One of the biggest mistakes I made was putting a label on a relationship with someone I had just met. We started dating from the moment we met. We were not even apart from each other. I didn’t even have a chance to get to know him.

Like the title suggests, i’m not an easy person to date. I also didn’t get my Autism diagnosis until a month before I turned 29. This is relevant because some of my behaviour throughout the relationship–where I was made to feel like I was difficult or acting out, ended up being directly attributed to things like meltdowns, shutdowns and sensory overload.

Patience is a true virtue. However, there’s a fine line between dating someone and feeling like you have to babysit them. I wouldn’t want to put someone through that again.

That’s not to say there were situations I was put in that didn’t make me feel uncomfortable and any relationship is a 2-way street.

There were instances where I was left feeling wholly uncomfortable and in massive amounts of distress. I had to deal with things like anti-semitism, being in a car with my partner and not being told where we were going or what we were doing, having my messages online sifted through, being made to feel like the things that were important to me were irrelevant, having my birthday ignored, having to owe money for things like rides from point a to point b, bargaining, having my cultural background ignored– I even overheard a conversation about how I didn’t want children, the list honestly goes on.

No one should have to be subjected to those kind of things. Listening to your partners wants, needs and desires is imperative. Again, this goes both ways.

I am the kind of person who needs structure. I need full disclosure. I need plans. I need to know what’s going on. I should never have to play a guessing game with someone who responds with ‘maybe’ or ‘I don’t know’. I’m not sure how I was able to play along for any length of time. Exhausting, emotionally draining and frustrating are only some of the key words used to describe it.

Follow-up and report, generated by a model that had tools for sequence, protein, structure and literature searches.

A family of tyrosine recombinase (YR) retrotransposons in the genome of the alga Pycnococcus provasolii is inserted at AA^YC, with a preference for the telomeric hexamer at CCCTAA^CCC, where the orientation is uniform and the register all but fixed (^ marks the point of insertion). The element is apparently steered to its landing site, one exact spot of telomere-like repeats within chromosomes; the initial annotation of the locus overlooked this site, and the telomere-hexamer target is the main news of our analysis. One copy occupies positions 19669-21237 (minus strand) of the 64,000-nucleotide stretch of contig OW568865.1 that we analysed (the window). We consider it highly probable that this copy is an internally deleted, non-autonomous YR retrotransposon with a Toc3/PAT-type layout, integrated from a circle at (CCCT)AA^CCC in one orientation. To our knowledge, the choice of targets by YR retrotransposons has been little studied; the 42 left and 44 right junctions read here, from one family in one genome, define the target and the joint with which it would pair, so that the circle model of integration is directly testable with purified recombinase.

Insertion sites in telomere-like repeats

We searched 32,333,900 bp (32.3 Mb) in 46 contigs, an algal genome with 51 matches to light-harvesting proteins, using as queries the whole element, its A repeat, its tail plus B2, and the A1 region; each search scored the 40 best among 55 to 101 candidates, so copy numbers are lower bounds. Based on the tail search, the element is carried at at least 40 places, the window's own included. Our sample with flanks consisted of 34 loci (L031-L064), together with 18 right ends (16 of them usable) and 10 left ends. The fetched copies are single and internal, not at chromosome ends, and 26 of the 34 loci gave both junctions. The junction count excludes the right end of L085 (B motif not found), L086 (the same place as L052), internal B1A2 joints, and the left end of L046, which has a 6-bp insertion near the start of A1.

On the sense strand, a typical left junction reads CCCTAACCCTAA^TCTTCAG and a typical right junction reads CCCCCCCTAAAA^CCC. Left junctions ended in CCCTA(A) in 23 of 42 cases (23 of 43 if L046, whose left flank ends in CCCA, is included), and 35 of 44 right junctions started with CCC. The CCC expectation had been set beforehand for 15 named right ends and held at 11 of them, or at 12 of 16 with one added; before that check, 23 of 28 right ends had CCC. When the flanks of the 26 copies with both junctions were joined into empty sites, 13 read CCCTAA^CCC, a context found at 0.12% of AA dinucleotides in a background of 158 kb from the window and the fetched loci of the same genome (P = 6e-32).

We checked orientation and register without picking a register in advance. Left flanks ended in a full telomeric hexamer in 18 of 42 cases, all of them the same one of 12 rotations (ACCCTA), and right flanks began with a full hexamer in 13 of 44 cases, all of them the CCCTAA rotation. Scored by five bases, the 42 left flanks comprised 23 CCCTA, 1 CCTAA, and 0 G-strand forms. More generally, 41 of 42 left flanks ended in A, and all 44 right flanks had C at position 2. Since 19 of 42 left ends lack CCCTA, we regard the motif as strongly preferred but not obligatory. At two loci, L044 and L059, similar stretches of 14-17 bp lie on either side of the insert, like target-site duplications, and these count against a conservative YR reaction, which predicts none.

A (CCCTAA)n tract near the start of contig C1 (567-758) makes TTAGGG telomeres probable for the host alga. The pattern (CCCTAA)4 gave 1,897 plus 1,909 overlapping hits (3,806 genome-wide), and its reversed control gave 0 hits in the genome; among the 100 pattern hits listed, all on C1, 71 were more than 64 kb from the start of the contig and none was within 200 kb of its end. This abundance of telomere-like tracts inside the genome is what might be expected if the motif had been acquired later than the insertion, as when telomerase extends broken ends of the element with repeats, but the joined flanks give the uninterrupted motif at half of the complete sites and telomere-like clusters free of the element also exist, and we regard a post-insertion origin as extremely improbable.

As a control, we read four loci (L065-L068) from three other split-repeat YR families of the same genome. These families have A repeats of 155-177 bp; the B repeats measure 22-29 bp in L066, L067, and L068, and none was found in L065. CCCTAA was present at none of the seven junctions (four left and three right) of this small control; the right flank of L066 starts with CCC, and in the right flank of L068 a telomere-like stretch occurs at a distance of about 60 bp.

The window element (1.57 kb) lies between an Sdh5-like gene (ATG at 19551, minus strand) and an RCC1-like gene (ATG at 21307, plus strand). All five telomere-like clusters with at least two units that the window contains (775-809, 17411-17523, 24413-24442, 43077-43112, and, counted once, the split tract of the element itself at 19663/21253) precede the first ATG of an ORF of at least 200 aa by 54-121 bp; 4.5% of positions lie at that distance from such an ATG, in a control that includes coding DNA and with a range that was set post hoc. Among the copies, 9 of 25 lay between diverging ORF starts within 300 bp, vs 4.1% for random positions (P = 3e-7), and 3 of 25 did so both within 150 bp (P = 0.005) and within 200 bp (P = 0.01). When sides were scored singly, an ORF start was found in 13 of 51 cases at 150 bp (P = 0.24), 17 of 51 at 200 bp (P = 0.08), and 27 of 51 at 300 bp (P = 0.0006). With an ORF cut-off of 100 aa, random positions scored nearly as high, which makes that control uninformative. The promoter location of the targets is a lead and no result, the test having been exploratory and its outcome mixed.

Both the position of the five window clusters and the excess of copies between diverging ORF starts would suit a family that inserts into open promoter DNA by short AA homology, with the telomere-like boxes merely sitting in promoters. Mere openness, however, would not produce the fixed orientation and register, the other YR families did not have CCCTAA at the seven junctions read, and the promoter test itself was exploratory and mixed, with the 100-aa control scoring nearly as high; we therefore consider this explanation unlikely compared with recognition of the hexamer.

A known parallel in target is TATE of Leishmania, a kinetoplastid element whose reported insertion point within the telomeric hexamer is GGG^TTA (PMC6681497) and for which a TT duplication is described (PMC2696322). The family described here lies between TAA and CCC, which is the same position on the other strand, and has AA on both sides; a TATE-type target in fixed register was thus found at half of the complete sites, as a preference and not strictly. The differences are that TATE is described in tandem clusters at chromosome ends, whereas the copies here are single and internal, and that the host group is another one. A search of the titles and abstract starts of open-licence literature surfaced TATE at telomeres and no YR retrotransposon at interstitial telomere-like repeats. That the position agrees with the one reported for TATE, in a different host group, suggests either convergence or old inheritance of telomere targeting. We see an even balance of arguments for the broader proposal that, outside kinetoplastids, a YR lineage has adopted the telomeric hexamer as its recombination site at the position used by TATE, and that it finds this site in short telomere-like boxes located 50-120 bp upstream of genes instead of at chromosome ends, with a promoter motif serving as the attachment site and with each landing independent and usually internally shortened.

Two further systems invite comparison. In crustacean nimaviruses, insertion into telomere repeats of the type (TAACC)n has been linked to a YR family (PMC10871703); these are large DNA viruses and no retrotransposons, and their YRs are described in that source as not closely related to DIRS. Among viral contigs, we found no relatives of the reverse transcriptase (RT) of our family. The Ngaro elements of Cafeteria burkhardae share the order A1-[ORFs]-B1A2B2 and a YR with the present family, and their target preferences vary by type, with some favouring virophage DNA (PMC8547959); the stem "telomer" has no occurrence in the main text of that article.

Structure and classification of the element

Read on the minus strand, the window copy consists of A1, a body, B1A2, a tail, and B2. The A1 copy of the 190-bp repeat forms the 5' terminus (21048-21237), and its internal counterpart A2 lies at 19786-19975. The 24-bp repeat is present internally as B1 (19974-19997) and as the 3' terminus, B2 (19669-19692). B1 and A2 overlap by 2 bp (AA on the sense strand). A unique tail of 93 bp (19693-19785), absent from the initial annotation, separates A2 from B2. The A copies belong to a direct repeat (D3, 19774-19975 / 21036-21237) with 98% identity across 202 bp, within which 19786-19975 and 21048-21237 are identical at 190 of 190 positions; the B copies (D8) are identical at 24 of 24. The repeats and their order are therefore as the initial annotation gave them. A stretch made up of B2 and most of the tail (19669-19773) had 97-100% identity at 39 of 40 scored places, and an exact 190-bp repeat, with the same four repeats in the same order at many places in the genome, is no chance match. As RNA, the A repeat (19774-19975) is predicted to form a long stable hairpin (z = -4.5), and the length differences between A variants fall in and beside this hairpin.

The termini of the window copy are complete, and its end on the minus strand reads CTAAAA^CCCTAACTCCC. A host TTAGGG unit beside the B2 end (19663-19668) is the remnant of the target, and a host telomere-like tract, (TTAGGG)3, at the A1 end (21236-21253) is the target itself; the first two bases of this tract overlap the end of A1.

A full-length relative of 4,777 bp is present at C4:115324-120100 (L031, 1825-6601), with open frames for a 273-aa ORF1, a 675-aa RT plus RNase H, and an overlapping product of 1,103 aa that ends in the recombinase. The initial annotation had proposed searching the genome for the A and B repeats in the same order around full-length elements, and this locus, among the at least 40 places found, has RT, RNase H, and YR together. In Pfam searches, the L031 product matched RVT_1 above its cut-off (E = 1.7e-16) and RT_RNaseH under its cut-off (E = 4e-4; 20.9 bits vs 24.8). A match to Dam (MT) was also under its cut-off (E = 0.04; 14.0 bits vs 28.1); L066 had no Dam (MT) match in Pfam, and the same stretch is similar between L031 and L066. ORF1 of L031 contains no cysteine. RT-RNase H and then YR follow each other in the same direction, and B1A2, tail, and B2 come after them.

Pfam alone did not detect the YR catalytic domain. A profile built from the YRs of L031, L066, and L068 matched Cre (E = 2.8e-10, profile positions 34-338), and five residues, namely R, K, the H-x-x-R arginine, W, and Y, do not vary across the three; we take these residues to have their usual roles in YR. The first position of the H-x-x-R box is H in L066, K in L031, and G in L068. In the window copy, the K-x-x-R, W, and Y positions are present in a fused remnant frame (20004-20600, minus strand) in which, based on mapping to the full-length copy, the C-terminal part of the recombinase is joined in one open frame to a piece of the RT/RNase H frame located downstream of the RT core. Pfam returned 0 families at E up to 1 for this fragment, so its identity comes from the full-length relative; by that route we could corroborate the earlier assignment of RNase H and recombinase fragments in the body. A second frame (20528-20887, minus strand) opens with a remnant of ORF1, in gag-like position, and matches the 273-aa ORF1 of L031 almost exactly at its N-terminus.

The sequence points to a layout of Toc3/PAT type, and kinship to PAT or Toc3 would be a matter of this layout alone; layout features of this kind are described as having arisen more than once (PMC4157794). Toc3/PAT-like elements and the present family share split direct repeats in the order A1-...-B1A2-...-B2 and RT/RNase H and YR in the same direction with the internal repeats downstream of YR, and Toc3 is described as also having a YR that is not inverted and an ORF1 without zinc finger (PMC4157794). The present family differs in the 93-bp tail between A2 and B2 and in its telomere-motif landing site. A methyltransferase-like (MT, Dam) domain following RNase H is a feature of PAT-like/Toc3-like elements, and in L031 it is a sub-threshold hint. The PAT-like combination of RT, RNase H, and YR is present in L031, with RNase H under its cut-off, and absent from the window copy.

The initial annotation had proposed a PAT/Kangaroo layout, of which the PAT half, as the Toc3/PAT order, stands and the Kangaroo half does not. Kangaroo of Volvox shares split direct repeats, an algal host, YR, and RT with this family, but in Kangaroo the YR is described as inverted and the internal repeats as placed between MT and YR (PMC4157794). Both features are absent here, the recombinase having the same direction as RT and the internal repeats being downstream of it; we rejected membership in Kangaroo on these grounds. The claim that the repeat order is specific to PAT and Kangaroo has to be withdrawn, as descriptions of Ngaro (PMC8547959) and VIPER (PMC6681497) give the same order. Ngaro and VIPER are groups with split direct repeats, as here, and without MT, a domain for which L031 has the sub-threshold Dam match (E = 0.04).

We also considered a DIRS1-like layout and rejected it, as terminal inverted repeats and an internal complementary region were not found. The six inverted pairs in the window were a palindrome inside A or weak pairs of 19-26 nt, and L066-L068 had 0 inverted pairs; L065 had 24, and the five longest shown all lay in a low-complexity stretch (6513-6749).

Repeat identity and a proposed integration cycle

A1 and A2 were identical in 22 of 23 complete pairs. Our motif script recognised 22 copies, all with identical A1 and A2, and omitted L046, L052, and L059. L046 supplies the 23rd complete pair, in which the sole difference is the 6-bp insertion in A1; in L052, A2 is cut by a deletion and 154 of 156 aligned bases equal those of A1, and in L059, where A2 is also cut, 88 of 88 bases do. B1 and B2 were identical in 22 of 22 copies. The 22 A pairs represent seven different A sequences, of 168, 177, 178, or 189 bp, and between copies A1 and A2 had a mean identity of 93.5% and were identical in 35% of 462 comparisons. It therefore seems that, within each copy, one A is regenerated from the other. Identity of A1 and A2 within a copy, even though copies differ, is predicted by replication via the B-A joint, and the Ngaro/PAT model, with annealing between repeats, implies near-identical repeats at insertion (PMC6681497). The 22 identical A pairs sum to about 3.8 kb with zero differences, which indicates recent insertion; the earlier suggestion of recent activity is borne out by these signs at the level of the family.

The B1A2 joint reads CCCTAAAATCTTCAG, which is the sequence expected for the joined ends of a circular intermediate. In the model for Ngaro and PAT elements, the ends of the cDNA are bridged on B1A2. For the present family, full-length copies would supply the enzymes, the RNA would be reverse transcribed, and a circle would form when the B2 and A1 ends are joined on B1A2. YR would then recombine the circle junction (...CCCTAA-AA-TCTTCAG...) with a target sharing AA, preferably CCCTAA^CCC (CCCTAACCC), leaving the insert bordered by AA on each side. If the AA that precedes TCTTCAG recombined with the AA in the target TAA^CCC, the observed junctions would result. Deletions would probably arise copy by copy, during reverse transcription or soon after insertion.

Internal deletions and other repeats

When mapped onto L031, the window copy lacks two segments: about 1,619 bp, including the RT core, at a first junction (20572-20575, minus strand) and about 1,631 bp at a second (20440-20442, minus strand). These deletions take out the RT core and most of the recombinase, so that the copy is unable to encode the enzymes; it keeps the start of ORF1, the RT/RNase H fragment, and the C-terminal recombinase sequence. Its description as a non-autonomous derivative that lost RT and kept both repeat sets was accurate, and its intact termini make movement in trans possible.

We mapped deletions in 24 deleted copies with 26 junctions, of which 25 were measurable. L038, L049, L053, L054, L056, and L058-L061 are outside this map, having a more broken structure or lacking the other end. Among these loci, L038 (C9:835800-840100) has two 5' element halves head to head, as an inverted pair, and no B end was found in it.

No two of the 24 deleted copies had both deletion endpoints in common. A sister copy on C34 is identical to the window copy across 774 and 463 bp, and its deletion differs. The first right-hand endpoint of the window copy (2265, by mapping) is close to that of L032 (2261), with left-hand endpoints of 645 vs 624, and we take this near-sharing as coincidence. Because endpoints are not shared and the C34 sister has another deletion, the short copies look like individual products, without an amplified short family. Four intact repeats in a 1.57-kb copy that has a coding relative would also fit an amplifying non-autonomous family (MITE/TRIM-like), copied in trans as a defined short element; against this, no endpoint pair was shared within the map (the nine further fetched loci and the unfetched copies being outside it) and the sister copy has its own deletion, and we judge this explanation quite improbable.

Not to mention exasperating. I’m truly learning about myself, WHO I AM and what my goals are.

Should I have to continue to defend myself for simply being? Should I have to put myself in situations that I made very clear I do not want to be in? No. Never. There’s no excuse for this.

This year has been incredible in terms of the things I accomplished and believe it or not, i’m proud.

I just want to continue on and keep going. I am prideful and I am strong.

P.S: A video WILL happen on this subject but I have lost my voice.

Multiple things to discuss!

I created a new video on a couple things that I felt needed to be addressed:

My facebook page, facebook.com/madebyautistics was hacked. My one other admin and two mods have been removed. Facebook is being useless so I had to rebrand entirely and create a new page over at facebook.com/madebyautisticsgroup.

I was featured on CITR’s ALL ACCESS PASS. You can listen to me here: https://www.citr.ca/radio/all-access-pass/episode/20191030/ My Kickstart Disability Arts & Culture speech is at the 34:00 mark and my interview from the PosAbilities Inclusion Art Show is at the 16:15 mark.

These have been added to my shop at http://www.etsy.com/shop/retrophiliac

In addition to the four plaques that have been happened, there’s also all my holiday cards too. These are just a few examples: